Editors' ChoiceApoptosis

No Blood Cells Without Cyclin D

Sci. Signal.  19 Aug 2014:
Vol. 7, Issue 339, pp. ec219
DOI: 10.1126/scisignal.2005806

Members of the family of D cyclins (cyclin D1, D2, and D3) are primarily recognized for their importance in stimulating progression through the cell cycle by promoting the phosphorylation-dependent inactivation of the transcriptional repressor Rb. Genetic knockout of all three D cyclins is embryonically lethal in mice due to compromised proliferation of fetal liver hematopoietic cells. Choi et al. created adult mice in which the three forms of cyclin D were specifically and inducibly [with poly(I:C)] knocked out in bone marrow (TKO mice). As expected, proliferation of the hematopoietic stem cells, progenitor cells, and differentiated blood cells in the bone marrow was inhibited after induction. In adults, hematopoietic stem and progenitor cells (HSPCs) are generally quiescent; however, flow cytometric cell sorting (FACS) analysis showed that within 12 hours after induction, half of the stem cell population was lost and that by 48 hours this population was undetectable. By 96 hours, the mature bone marrow blood cell populations were reduced by half. FACS analysis of HPSCs stained for active caspase 3 showed that loss of cyclin D induced apoptosis, and analysis of mature blood cells in the bone marrow stained for apoptotic markers indicated an increase in apoptosis in these cells as well at later time points. Targeted transcriptional analysis for changes in the expression of genes involved in regulation of apoptosis showed that genes encoding the death receptor Fas and its ligand, FasL, were stimulated in the TKO bone marrow cells, and protein analysis confirmed an increase in the cell surface abundance of each of these in the hematopoietic cells of the TKO mice. Fas stimulates the extrinsic apoptotic pathway through activation of caspase 8, and increased caspase 8 cleavage was detected in the bone marrow cells of TKO mice. Administration of a nonspecific caspase inhibitor reduced the loss of bone marrow cells, and administration of a FasL-neutralizing antibody blocked apoptosis of the HSPCs in the TKO mice. A main target of cyclin D is Rb, phosphorylation of which releases its inhibition of E2F transcription factors. Bone marrow cells from the TKO mice had reduced phosphorylation of Rb and reduced expression of E2F target genes. Knockdown of E2F1 in hematopoietic cells resulted in an increase in the mRNAs for Fas and FasL, and reporter gene analysis showed that, of the three E2F family members, overexpression of repressed reporters was controlled by the Fas or FasL promoters. Chromatin immunoprecipitation analysis confirmed that E2F1 was bound to the Fas promoter in HPSCs. Thus, this study indicates that in the bone marrow, the cyclin D family is required not only for the proliferation of hematopoietic cells but also for their survival.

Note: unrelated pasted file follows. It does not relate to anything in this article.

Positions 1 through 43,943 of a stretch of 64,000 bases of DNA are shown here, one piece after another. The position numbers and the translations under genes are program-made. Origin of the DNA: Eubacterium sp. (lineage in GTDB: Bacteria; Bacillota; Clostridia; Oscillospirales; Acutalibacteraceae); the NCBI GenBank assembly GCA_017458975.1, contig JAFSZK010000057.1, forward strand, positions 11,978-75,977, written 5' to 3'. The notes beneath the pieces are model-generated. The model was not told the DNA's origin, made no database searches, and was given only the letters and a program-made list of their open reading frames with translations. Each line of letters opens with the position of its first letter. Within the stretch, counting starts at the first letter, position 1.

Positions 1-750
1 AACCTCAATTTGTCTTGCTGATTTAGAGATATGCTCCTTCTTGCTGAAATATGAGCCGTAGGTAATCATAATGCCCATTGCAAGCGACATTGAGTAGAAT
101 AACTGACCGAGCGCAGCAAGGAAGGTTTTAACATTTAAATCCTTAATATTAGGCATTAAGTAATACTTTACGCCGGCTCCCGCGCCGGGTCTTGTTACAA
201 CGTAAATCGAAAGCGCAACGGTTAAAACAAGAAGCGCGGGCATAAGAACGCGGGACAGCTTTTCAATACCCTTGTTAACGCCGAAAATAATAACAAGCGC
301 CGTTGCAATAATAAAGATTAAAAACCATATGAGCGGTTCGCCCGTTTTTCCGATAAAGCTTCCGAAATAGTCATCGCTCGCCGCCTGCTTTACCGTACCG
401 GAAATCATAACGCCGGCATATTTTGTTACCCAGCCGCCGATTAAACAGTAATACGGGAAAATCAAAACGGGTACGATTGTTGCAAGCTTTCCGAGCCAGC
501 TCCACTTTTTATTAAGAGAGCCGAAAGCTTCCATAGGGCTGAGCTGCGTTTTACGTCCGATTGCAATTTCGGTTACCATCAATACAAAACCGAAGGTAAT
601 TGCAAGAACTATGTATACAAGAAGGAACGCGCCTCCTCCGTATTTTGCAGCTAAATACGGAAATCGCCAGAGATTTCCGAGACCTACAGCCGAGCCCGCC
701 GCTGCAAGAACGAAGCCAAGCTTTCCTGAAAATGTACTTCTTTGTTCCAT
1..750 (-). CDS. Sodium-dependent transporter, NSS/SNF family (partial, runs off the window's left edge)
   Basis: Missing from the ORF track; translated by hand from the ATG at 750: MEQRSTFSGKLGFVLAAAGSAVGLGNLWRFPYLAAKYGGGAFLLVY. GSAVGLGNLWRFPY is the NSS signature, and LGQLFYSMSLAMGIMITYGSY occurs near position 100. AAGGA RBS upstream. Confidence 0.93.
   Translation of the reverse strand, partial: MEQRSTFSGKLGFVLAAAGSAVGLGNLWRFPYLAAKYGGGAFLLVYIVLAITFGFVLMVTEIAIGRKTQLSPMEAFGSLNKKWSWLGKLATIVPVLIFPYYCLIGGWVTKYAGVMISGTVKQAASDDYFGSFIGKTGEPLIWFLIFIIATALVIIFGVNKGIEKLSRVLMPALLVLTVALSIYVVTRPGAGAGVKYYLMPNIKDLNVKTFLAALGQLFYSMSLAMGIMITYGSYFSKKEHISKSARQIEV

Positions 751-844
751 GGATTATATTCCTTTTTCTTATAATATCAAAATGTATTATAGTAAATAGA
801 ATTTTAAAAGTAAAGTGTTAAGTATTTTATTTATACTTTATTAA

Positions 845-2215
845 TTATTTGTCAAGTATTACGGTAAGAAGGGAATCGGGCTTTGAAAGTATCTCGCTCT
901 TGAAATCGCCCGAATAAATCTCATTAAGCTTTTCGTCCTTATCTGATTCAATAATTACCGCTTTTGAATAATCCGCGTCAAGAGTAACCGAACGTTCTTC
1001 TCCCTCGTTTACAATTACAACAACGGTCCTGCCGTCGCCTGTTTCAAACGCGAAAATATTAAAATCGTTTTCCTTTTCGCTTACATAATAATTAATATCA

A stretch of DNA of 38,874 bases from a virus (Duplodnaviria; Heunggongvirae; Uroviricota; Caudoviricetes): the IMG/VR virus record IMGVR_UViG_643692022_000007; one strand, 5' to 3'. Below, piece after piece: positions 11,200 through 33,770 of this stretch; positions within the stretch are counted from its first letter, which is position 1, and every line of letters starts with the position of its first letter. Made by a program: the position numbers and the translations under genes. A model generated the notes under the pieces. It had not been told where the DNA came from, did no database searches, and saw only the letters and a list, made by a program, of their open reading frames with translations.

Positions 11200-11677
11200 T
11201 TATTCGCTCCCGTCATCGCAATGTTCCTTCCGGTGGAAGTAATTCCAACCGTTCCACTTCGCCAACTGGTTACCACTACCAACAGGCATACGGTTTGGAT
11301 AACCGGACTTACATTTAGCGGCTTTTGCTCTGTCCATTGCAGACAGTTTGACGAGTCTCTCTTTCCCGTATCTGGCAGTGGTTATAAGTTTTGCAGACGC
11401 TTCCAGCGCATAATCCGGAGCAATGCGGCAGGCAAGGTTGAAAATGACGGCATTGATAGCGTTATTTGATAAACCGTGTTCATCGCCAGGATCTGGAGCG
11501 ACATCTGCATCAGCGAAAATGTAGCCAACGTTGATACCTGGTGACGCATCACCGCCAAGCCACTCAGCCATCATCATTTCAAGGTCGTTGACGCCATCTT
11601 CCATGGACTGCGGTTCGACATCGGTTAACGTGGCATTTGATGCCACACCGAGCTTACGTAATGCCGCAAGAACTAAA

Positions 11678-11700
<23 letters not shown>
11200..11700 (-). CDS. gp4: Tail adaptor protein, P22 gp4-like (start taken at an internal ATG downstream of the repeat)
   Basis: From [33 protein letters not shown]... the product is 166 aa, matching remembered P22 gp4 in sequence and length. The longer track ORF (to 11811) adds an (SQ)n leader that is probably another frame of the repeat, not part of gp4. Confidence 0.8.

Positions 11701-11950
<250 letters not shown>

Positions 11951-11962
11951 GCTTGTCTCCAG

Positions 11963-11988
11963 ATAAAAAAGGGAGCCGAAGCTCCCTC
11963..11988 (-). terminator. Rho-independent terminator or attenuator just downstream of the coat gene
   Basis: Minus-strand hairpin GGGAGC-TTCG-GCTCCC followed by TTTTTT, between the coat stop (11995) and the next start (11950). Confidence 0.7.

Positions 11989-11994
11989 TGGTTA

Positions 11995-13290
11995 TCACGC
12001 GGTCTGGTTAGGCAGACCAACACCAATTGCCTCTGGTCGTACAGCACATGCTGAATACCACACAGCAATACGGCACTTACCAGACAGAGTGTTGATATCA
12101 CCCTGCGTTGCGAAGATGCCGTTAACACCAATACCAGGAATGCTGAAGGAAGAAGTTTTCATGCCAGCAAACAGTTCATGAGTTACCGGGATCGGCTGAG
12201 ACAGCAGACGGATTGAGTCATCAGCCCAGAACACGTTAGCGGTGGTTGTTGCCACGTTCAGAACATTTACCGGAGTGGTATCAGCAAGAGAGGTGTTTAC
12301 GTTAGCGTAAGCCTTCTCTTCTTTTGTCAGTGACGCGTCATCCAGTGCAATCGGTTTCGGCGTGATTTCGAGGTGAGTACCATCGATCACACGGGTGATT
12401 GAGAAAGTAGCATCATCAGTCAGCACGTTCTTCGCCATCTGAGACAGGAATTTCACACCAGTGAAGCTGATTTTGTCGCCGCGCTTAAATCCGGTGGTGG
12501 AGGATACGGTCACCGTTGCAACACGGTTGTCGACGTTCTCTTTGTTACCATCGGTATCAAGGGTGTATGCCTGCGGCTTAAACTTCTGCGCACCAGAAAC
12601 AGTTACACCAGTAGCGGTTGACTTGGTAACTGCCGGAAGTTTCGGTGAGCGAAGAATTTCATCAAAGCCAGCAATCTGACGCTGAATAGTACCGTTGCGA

Y. J. Choi, B. Saez, L. Anders, P. Hydbring, J. Stefano, N. A. Bacon, C. Cook, I. Kalaszczynska, S. Signoretti, R. A. Young, D. T. Scadden, P. Sicinski, D-cyclins repress apoptosis in hematopoietic cells by controlling death receptor Fas and its ligand FasL. Dev. Cell 30, 255–267 (2014). [PubMed]